Religious scholars and cultural analysts have been trying to map the complicated phenomenon of the changing landscape of religion in the United States. The numbers of people who call themselves Christians are steadily declining, while the "Nones," those who claim no religious affiliation on polls and surveys, is now the fasting growing group in the population overall. A third of millennials identify themselves as religiously unaffiliated, and about a quarter of American adults overall. We call this group "spiritual independents" because although some do say they are atheists and agnostics, most consider themselves to be "spiritual."

These people are on a quest, like religious people in the past, but they are seeking new forms of community and their own practices and devotions. They advocate intuition rather than institutions. Tara Isabella Burton finds them fascinating, and her book Strange Rites makes for an equally fascinating read.

Burton has the experience, the credentials and the bold imagination to guide us through this unprecedented terrain. She is a columnist on millennial religion for Religion News Service, a contributing editor at The American Interest, and the author of Social Creature, a novel published in 2018. She received a doctorate in theology from Trinity College, Oxford, where she was a Clarendon Scholar, 2017. She also works as a touring expert for National Geographic, lecturing on expeditions in the Caucasus and the Alpe-Adrina.

With energy and panache, Burton dazzles us with her wide-ranging commentaries on the immense transformations taking place in what she calls a post-religion age where culture wars are raging, spiritual anarchy is popping up in strange places, and many of those who have left Christian churches are still yearning to create their own special tribes with a strong and a keen sense of belonging.

Burton takes a detailed look at seven different faith systems which have come alive during the decline of Christianity. She covers the beliefs and practices of fandoms and fan fiction sites with the Harry Potter franchise leading the way; the growing popularity of Wicca and its many neopagan rituals; the wellness culture and its emphasis on self-care, characterized by products promoted by Gwyneth Paltrow's Goop like jade eggs and juice cleanses.

The diversity of "new religions" take adherents on a jaunty quest for meaning, purpose, and ritual. Internet and consumer capitalism have gotten into this post-Christian religious search which excludes an institutional base, creeds, and clergy. Three more options for seekers are what Burton calls the California Idealogy of Silicon Valley; the Progressive Social Justice Movement, and the Atavism of alt.Right culture.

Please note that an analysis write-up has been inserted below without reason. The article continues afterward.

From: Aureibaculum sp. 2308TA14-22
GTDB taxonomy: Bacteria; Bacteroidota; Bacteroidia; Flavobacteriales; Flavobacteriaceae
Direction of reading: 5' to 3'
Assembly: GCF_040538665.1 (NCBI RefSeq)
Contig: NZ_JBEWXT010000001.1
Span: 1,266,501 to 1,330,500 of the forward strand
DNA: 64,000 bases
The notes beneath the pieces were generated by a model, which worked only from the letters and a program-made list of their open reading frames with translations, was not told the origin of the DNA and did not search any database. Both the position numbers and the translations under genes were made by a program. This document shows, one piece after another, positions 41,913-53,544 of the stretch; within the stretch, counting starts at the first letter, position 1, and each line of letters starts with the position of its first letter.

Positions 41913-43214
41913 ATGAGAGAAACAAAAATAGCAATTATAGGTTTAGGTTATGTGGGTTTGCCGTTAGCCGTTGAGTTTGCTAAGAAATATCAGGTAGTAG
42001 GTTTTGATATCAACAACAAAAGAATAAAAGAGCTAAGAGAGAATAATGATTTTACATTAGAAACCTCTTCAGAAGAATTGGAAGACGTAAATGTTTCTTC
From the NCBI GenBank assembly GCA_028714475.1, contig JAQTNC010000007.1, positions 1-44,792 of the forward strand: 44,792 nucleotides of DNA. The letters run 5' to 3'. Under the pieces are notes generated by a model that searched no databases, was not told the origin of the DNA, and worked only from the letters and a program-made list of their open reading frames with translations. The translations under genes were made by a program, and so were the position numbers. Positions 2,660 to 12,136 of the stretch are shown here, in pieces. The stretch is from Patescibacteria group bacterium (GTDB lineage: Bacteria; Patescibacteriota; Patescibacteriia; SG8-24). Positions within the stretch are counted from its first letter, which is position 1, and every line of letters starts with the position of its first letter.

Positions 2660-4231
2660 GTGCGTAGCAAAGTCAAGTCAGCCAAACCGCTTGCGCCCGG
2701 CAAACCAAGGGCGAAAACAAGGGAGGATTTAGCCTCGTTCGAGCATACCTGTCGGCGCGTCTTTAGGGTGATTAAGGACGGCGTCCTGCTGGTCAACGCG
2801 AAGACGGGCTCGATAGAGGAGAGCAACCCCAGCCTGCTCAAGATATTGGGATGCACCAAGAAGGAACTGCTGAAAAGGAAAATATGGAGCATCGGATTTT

These spiritual orientations offer lively opportunities to think about your view of what it means to be human, to be free, to reside in a hackable future, to think about utopianism, to probe the religious dimensions of extremist groups, and to contemplate the importance of modern justice movements.

It will be edifying to see what kinds of rituals, values, mystical excursions, and philosophies these devotees of "remixed" religions come up with, especially in the face of future environmental disasters, economic woes, more global pandemics, and the ongoing crises facing millions of homeless refugees.

After reading Burton's encyclopedic overview of seven new faiths in America, it comes as no surprise that she is critical of the self-oriented character of these paths and their swerve away from transcendence. What does she call for as an alternative? It is not something you would expect. In an opinion piece for the New York Times, she writes:

"Many of us call ourselves 'Weird Christians,' albeit partly in jest. What we have in common is that we see a return to old-school forms of worship as a way of escaping from the crisis of modernity and the liberalist-capitalist faith in individualism."

By a return to "old-school forms of worship," she means Eastern Orthodox piety and an affirmation of the Latin Mass.